The controversy over remarks by former New York City Mayor Rudy Giuliani have taken a turn for the absurd. Last week Giuliani spoke at an event for Wisconsin Governor and prospective Republican presidential candidate Scott Walker. During the affair he charged into a rhetorical minefield by questioning the patriotism of President Obama saying…
“I do not believe, and I know this is a horrible thing to say, but I do not believe that the president loves America. He doesn’t love you, and he doesn’t love me. He wasn’t brought up the way you were brought up and I was brought up through love of this country.”
So he doesn’t love you, and he doesn’t love me, and he doesn’t love his green eggs or ham or country. As for whether Obama was brought up like Giuliani, it’s clear that he was not. After all, Obama’s father was not a felon and mob loanshark like Giuliani’s. And his family values resulted in him staying married to the same woman, rather than, like Giuliani, cheating on his wives of which he’s had three so far.
You have to wonder why Giuliani would continue talking after admitting that he was about to say something horrible. But he, like many of his pals on the far-right, has adopted the tactic of “othering” the President – the practice of portraying Obama as different, foreign, even treasonous, but always as something removed from the American experience and people, and viscerally opposed to American values. Never mind that a majority of the American people voted for him twice.
Giuliani’s subsequent remarks defending himself went even further. He is now mimicking the fringy slander of everyone’s favorite delusional conspiracy theorist, Glenn Beck. You may recall Beck’s attempt to brand the President as not particularly fond of America when he told Fox News that…
“This president, I think, has exposed himself as a guy, over and over and over again, who has a deep-seated hatred for white people or the white culture.”
Beck went on to spin paranoid fantasies about Obama’s past that painted him as a child of a communist sleeper cell with subversives as nannies and revolutionaries as tutors. Now Giuliani is weaving the same tales. He told Rupert Murdoch’s New York Post that the nine year old Obama “was influenced by Frank Marshall Davis, who was a communist.” He raised the specter of Saul Alinsky, a favorite bogeyman of Beck’s, saying that he too was “another bad influence” on the future president. He resurrected the Rev. Jeremiah Wright from the wingnut graveyard of yesterday’s smears and said that “Obama never left that church,” which might be an interesting point except for the fact that he very publicly left way back in June of 2008, before he was president.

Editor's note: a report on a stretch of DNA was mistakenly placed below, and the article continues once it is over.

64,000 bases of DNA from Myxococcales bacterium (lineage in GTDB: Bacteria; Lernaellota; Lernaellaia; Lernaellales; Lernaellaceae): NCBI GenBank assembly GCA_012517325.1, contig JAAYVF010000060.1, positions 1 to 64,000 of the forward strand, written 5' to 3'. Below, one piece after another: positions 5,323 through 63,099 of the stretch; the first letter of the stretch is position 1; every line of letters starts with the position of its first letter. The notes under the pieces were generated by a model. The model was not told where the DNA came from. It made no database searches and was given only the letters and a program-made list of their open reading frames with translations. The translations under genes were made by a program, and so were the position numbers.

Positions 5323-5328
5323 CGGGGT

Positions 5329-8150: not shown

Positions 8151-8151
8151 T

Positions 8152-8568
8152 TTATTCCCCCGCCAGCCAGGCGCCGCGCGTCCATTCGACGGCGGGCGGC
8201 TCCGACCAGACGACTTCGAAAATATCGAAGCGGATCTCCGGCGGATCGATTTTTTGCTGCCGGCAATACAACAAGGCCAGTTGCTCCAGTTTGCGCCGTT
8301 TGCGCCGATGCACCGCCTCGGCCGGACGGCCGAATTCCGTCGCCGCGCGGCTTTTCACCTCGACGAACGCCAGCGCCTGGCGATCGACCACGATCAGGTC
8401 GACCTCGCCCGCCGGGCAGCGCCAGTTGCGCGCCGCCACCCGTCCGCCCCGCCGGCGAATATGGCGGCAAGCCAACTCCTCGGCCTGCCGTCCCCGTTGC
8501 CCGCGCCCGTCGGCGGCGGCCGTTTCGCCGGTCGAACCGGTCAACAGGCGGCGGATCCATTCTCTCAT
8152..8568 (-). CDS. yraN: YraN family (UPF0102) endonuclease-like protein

Giuliani is reading straight out of Becks hymnal. Whatever anyone thought of Giuliani before, there is no escaping the fact that he is now no more credible than the fruitcake that was even too nutty for Fox News. But Giuliani has his own trail to blaze. He’s convinced that his comments cannot be racist because Obama’s mother was white. That, of course, counteracts any racial effect arising from the color of his skin. Giuliani even has his own death threats to brag about, stealing Beck’s Messiah complex and making himself the victim in all of this. Nevertheless, he heralds his own heroism as he congratulates himself because…
“Somebody has to raise these issues with the president. Somebody has to have the courage to stand up.”
Exactly. And it was Glenn Beck who stood up six years ago to trumpet this nonsense. He was joined by Alex Jones, Donald Trump, Michelle Bachmann, Sean Hannity, Ann Coulter, Rush Limbaugh, and more conservative crackpots than you can count. But Giuliani apparently thinks there’s still time to join the parade and he’s determined to worm his way to the front of it. Well, he’s making a good start.
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